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September 20, 2004
Cutting Patent Claims Back Down to Size
This just in: Consumers Union, Public Knowledge and EFF are working another angle in the fight against over-broad patents: asking (PDF) the courts to take a narrow view of patent claims. Literally.
The case is Phillips v. AWH Corporation, in which a key issue is, interestingly enough, interpretation of the word "baffle" (the physical kind, not the mental one). The appeals court made a specific request for industry and public opinions on interpreting claims. According to the counsel-of-record for the brief, Joshua Sarnoff, this could be the most important patent case ever decided. "Claim meaning is the name of the game in patent law," says Sarnoff. "[The] Federal Circuit has the chance to lay down clear rules to determine claim meaning that will benefit society."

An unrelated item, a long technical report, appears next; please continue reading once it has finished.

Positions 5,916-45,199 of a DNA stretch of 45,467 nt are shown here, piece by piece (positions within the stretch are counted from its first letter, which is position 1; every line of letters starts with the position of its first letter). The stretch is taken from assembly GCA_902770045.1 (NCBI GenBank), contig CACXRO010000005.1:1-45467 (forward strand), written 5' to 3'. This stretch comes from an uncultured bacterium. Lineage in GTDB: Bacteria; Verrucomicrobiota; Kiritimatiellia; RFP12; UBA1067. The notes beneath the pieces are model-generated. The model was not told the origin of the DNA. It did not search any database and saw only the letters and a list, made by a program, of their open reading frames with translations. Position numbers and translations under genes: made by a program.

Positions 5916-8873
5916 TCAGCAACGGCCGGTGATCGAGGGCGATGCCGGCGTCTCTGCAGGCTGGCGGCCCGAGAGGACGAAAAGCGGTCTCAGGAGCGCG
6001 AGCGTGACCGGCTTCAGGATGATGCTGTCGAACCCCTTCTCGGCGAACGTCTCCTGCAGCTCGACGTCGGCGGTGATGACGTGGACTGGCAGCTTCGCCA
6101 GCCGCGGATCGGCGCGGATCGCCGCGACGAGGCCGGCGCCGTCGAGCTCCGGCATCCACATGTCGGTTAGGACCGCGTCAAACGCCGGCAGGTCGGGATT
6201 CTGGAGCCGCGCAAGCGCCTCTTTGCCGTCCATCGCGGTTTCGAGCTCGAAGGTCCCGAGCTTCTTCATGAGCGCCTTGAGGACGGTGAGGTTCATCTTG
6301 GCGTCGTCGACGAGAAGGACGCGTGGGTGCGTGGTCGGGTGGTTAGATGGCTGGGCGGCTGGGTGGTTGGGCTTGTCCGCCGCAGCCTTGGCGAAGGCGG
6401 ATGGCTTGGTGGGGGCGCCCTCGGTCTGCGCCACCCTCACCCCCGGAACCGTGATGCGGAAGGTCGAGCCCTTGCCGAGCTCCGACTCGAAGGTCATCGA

The joint amicus brief (PDF) takes aim at earlier panel decisions finding that patent claims are valid if they are not "insolubly ambiguous." Amici argue that this invites judges to impose a meaning on ambiguous claims, when they should instead reject them outright.
Later: The Foundation for a Free Information Infrastructure (FFII) tells The Register that even narrow interpretation can't rescue software patents from the land of bad ideas: [Our] concern is that this kind of thing could give the impression that we only need to worry about bad patents, that if only patents were awarded according to the rules, properly examined and checked for prior art, everything would be OK. We don't believe that to be the case. We believe, more fundamentally, that the whole nature of patents on computer code is a mistake."
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